efficiency of the proposed transform in image compression.
Finally, the new approximation offers the users another
options
for
mathematical
analysis
and
circuit
implementations. The new approximate transform matrix
has rows constructed from a different mathematical structure
when compared to DCT. These rows can be considered in
the design of hybrid algorithm which take advantage of the
best matrix rows from the existing algorithm aiming at novel
improved approximate transform.
According to Author Ch.Sathi Raju and D.V.Rama
Koti Reddy et al (2015) [12] Compression is a serious
problem in capsule endoscopy applications. It dictates the
power consumption characteristics and the capsule life. In
this paper a hybrid DCT and DWT compression method is
employed to capitalise the advantages of both the
techniques. It involves in applying a three level DWT on the
input image. The DWT compressed image is taken for
quantization and further zeros are eliminated from the
matrices. Further is subjected to compression using
arithmetic coding(AC). Now 1D DCT is applied to the LL3
image and followed by the process of quantization and
eliminating zeros and applying arithmetic coding is repeated
for satisfactory compression. The color data is extracted
from the compressed image. This color data is further serves
as input to the decompression section. The decompression
process is simply reverse to the compression process. The
results pertaining to the simulated experiment are presented
in this section. Lena images are considered initially and the
proposed technique is applied on it. The corresponding
original and decompressed images are presented in Fig.5

(a)
(b)
Fig. 5: 'Lena' image (a) Original and (b) decompressed
V. CONCLUSION AND FUTURE WORK
This paper represents the concept of compression and varied
technologies used in the image compression comparing the
performance of compression technique identical data sets
and performance measure are used. In this paper

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149

A Review on Image Compression using DCT and DWT


(IJSRD/Vol. 3/Issue 10/2015/032)

comparative analysis of varied Image compression


techniques for different images is done based parameters
mean square error (MSE), peak signal to noise ratio (PSNR).
DWT produces higher results without losing more
information of image. Pitfall of DWT is, it requires more
processing power. DCT overcomes this disadvantage since
it needs less processing power, but it produces less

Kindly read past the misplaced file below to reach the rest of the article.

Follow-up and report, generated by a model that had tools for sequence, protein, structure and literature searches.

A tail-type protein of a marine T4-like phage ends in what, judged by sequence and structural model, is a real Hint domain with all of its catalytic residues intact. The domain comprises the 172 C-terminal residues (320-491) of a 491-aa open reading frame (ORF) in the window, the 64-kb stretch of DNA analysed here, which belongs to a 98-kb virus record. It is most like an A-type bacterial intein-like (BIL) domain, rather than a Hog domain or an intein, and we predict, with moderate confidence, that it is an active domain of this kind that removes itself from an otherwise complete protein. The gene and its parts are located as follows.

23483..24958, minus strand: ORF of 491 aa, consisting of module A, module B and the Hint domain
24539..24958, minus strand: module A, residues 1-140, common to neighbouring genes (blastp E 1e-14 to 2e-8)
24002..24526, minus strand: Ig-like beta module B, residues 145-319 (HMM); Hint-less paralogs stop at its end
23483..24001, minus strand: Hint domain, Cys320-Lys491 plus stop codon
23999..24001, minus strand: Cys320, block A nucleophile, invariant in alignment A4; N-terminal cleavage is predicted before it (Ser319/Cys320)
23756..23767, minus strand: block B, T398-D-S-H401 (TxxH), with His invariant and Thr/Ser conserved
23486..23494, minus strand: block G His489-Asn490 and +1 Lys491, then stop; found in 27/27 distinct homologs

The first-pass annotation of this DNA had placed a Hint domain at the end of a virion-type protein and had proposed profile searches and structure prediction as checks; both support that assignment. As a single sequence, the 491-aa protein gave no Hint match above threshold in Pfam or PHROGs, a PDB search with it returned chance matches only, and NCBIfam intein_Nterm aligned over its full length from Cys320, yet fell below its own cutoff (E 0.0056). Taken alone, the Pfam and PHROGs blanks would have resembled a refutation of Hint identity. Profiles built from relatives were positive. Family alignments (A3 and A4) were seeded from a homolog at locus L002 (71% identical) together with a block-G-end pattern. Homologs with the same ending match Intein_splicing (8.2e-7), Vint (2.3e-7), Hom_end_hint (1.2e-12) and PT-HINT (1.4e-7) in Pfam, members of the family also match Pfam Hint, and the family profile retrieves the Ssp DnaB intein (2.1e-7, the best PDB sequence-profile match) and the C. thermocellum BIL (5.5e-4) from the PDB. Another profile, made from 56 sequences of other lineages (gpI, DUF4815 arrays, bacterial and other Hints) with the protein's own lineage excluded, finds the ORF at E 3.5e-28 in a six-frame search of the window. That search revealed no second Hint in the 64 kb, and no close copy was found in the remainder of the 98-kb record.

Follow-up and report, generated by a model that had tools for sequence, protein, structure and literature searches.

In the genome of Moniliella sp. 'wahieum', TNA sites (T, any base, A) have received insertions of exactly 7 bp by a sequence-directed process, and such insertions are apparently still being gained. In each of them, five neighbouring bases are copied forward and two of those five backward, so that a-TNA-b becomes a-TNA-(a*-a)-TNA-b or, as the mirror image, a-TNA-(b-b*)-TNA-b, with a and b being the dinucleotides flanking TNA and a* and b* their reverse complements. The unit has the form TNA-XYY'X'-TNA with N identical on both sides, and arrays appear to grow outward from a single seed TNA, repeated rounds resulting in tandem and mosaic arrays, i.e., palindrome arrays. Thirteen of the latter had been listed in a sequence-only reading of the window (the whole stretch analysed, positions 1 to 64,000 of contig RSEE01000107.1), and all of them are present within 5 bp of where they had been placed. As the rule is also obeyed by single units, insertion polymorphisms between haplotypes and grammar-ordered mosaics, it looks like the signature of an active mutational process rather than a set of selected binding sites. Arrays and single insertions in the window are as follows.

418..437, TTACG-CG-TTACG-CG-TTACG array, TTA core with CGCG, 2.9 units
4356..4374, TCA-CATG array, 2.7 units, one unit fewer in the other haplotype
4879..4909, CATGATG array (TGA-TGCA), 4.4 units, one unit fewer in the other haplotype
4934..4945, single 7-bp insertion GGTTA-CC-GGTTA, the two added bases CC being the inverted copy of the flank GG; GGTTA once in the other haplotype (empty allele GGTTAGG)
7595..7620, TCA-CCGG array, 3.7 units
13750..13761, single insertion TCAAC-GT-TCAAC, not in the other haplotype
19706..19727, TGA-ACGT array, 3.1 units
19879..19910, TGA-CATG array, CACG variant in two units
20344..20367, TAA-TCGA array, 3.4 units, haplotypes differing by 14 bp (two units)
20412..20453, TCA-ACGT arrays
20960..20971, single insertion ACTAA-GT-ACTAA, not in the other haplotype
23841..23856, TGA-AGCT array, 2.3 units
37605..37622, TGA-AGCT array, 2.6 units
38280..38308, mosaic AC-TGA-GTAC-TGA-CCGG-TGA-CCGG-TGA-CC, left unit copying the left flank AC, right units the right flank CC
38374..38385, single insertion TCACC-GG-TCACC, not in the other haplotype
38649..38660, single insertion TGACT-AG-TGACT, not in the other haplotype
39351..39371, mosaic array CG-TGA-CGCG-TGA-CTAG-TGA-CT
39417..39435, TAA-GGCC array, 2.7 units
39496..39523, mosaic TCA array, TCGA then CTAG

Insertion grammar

compression ratio. DCT based standard JPEG uses blocks of
image. In wavelet, there is no need to block the image.
REFERENCES
[1] Telagarapu, Prabhakar, et al. "Image Compression
Using
DCT
and
Wavelet
Transformations."
International Journal of Signal Processing, Image
Processing and Pattern Recognition 4.3 (2011).
[2] Elamaran, V., and A. Praveen. "Comparison of DCT
and wavelets in image coding." Computer
Communication and Informatics (ICCCI), 2012
International Conference on. IEEE, 2012.
[3] NageswaraRaoThota, Srinivasa Kumar Devireddy.
"Image Compression Using Discrete Cosine
Transform." Georgian Electronic Scientific Journal:
Computer Science and Telecommunications 3 (2008).
[4] Saraswathy, K., D. Vaithiyanathan, and R.
Seshasayanan. "A DCT approximation with low
complexity for image compression." Communications
and Signal Processing (ICCSP), 2013 International
Conference on. IEEE, 2013.
[5] Gupta, Maneesha, and Amit Kumar Garg. "Analysis Of
Image Compression Algorithm Using DCT." (2012).
[6] Grgic, Sonja, Mislav Grgic, and Branka Zovko-Cihlar.
"Performance analysis of image compression using
wavelets." Industrial Electronics, IEEE Transactions
(2001).
[7] Chowdhury, M. Mozammel Hoque, and Amina Khatun.
"Image Compression Using Discrete Wavelet
Transform." International Journal of Computer Science
(2012).
[8] Deshlahra, Archana, G. S. Shirnewar, and A. K. Sahoo.
"A Comparative Study of DCT, DWT & Hybrid
(DCTDWT) Transform." (2013).
[9] Harjeetpal singh, Sakhi Sharma. Hybrid Image
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[10] Chander mukhi , Pallavi Nayyar, Mandeep Singh Saini
Improved Image Compression using Hybrid
Transform International Journal of Science and
Research (IJSR), India Online ISSN: 2319-7064.